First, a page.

The dome portion 38 may be formed with prism elements, generally designated 54, which may be prism lines that are etched in, molded in, or otherwise integrated with or attached to the dome portion 38. The prism elements increase light throughput by capturing light originating outside the cover 21 and focusing it downward through the open periphery 40, past the cylindrical portion 36 and prism ring 48 in embodiments that include either or both, and into the tube assembly 24. The prism lines 54 may be oriented parallel to the open periphery 40, and may entirely circumscribe the dome portion 38 in concentric circles. Example prism lines 54 are described in more detail below.

In some embodiments, the prism ring 48 may itself bear prisms, generally designated 56, configured to refract light. These prisms 56 may comprise prism grooves 56 on an outer surface 58 of the prism ring 48, and may be linear when the ring is in a flat configuration and, thus, form circles when the ring 48 is bent into the cylindrical configuration shown. The outer surface 58 of the prism ring 48 may be positioned against an inner surface 60 of the axial segment 50 of the cylindrical portion 36. The prism grooves 56 may be perpendicular to the axis of the prism ring 48, i.e., may be parallel to the open lower end 46, or may be otherwise oriented. These prisms 56 are similar to the prism elements in some embodiments of the dome portion 38 in that they capture light from outside the dome 21 and focus it downward into the tube assembly 24, thereby increasing light throughput.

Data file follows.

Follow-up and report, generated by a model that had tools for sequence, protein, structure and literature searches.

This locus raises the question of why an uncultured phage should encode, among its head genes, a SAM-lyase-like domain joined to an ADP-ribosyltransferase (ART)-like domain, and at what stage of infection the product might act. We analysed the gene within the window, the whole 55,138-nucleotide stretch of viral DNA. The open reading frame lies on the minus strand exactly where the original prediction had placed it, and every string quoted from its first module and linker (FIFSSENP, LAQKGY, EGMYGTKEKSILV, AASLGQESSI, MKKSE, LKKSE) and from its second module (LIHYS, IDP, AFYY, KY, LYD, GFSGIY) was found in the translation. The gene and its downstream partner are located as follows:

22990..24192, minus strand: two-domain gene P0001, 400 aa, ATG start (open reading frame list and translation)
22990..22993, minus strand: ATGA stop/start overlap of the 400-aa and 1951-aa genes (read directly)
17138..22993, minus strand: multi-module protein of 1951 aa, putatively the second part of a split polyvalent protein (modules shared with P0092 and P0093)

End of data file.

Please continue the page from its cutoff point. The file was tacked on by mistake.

FIG. 3 depicts in greater detail a cross-section of a portion of one embodiment of the wall 44 of the dome portion 38, in which the wall 44 is formed with prism elements 54. In this example, an inner surface 60 of the wall 44 is formed with plural prism elements 54. All prism elements 54 may have the same prism angle, generally designated 62, but in alternate embodiments, not all prism elements 54 have the same prism angle 62. FIG. 3 shows one of the latter type of embodiment. In this example, the wall 44 of the dome portion 38 is formed with first prism elements 54 a and second prism elements 54 b alternating with the first prism elements 54 a. The first prism elements 54 a may define a first prism angle 62 a of, e.g., fifty-eight degrees, while the second prism elements 54 b may define a second prism angle 62 b of, e.g., sixty degrees. However other prism angles may be used depending on the slope of the outer dome surface. The outer surface of the dome portion may be curved.

FIGS. 4 and 5 provide additional details on angles for given solar altitudes for the dome and cylindrical portions, respectively.